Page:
Other scenarios may exist for the control of IP in a global enterprise.  Management should be well advised to consider these scenarios in advance of enacting supply chain procedures that assume the information will be used in the same manner in different markets.

Consideration for Material Make Flow

The material make flow is one of the most important components to the manufacturing process.  Whereas most service industries are driven by ideation and IP content delivery, manufacturing enterprises have long-focused as we have seen in reducing waste in materiel and equipment used in the make phase of the SCOR® model.

Making a decision where to source materiel in the post-crisis economy has become more complex.  In the 1950s the idea of integrated supplier cities and villages reduced transit costs and lengthy issue resolution cycles.  This concept perpetuated as a long-held view in many industries through the 1990s and even into the 21st century.

The advent of outsourcing though created new economic scenarios where the vast reduction in labor wages and the absence of costly environmental standards in developing nations created a cost advantage to outsource the delivery of raw materiel.  Into the 1990s and early 2000s this evolved into component sourcing and eventual complete outsourcing of operations, such as electronic contract manufacturers (ECMs) in the semiconductor and high tech industries in the Southeast Pacific region and toy and textile manufacturers in China.

In today’s world some of the conventional wisdom of the 1950s has returned, wherein management considers not only the source of the materiel but also the region to which the end product will be destined.  This has created a regional-based operating model, similar to one clothing manufacturer example.  In this case the fabrics are developed in various regional centers and then shipped to target assembly destinations which first serve regional customer demand and then provide additional capacity for other markets based on the costs of labor, transit, and distribution.

In the case of the multinational manufacturer, final assembly of products is made for North America in the US and Mexico, for South America in Brazil, for Europe in several nations principally Germany (location of global headquarters) and in India and China via full operating brand subsidiaries in those markets.  Materiel flow is handled largely inside those operating regions, with the understanding that inventory, stock and materiel can be “traded” if needed to address peaks in regional customer demand.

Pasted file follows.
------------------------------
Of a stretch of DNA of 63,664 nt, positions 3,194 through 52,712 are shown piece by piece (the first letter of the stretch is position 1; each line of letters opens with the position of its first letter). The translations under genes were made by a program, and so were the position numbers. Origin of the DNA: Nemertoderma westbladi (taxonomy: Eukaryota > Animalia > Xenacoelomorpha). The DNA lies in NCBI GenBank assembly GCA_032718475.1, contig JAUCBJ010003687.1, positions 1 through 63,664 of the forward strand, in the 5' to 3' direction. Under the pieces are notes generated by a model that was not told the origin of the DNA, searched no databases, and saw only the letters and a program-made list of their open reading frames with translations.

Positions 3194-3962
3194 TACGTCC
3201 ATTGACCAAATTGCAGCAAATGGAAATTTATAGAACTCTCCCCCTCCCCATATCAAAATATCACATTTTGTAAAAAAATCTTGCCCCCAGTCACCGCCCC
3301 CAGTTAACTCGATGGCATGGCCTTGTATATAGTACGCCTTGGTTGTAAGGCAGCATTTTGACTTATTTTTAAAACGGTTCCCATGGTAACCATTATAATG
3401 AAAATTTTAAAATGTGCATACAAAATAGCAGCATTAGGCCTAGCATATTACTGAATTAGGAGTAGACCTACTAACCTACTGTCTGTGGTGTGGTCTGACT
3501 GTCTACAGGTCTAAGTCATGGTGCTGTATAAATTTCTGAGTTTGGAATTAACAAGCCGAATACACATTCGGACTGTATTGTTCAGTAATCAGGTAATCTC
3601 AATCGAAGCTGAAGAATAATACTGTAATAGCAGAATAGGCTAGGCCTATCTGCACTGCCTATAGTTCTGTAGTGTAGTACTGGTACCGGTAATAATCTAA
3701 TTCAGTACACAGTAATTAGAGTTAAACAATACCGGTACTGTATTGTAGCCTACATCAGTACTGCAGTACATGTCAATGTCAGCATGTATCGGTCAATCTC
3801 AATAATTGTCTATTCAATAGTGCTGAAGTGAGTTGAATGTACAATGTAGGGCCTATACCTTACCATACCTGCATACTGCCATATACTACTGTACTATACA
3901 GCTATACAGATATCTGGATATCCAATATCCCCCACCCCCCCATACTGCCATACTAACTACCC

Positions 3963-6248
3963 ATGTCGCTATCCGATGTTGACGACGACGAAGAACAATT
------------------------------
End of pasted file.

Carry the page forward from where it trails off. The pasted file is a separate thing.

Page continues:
Consideration for Product Delivery Flow

Similar to materiel flow for the make stage of the SCOR® model, final product transit in the delivery flow has evolved into complex global logistic models.  Final product assemblies made in key regional markets generally serve those markets based on familiarity with guidelines, standards and customer expectations.  This became painfully clear to American automakers in the 1980s who pondered the fact that sales of American vehicles in Japan were unpredictable and trendy at best due to the absence of right-hand drive vehicles to sell into that market.

In the post-crisis marketplace, however the return to local production communities serving regional customer markets has had a major impact on distribution and transit models.  For small price-point, high-margin products it continues to make good business sense to build these components and final products in developing nations where there exists an advantage to do so, and then incur the heavy transit costs to ship these products to other regional markets.  For complex, make-to-order products this can become increasingly costly.  Particularly as financial lines of credit continued to be difficult at the end of the economic crisis, some manufacturers have re-evaluated their insistence on offshoring models to address local customer demand.  In the case of make-to-order products such as equipment and tooling, the 40% reduction in make price point evaporates during the delivery stages.  Likewise, in the information technology service industry, reduction in price point to produce software could be eroded through the need to conduct costly software quality reviews when troubles occur.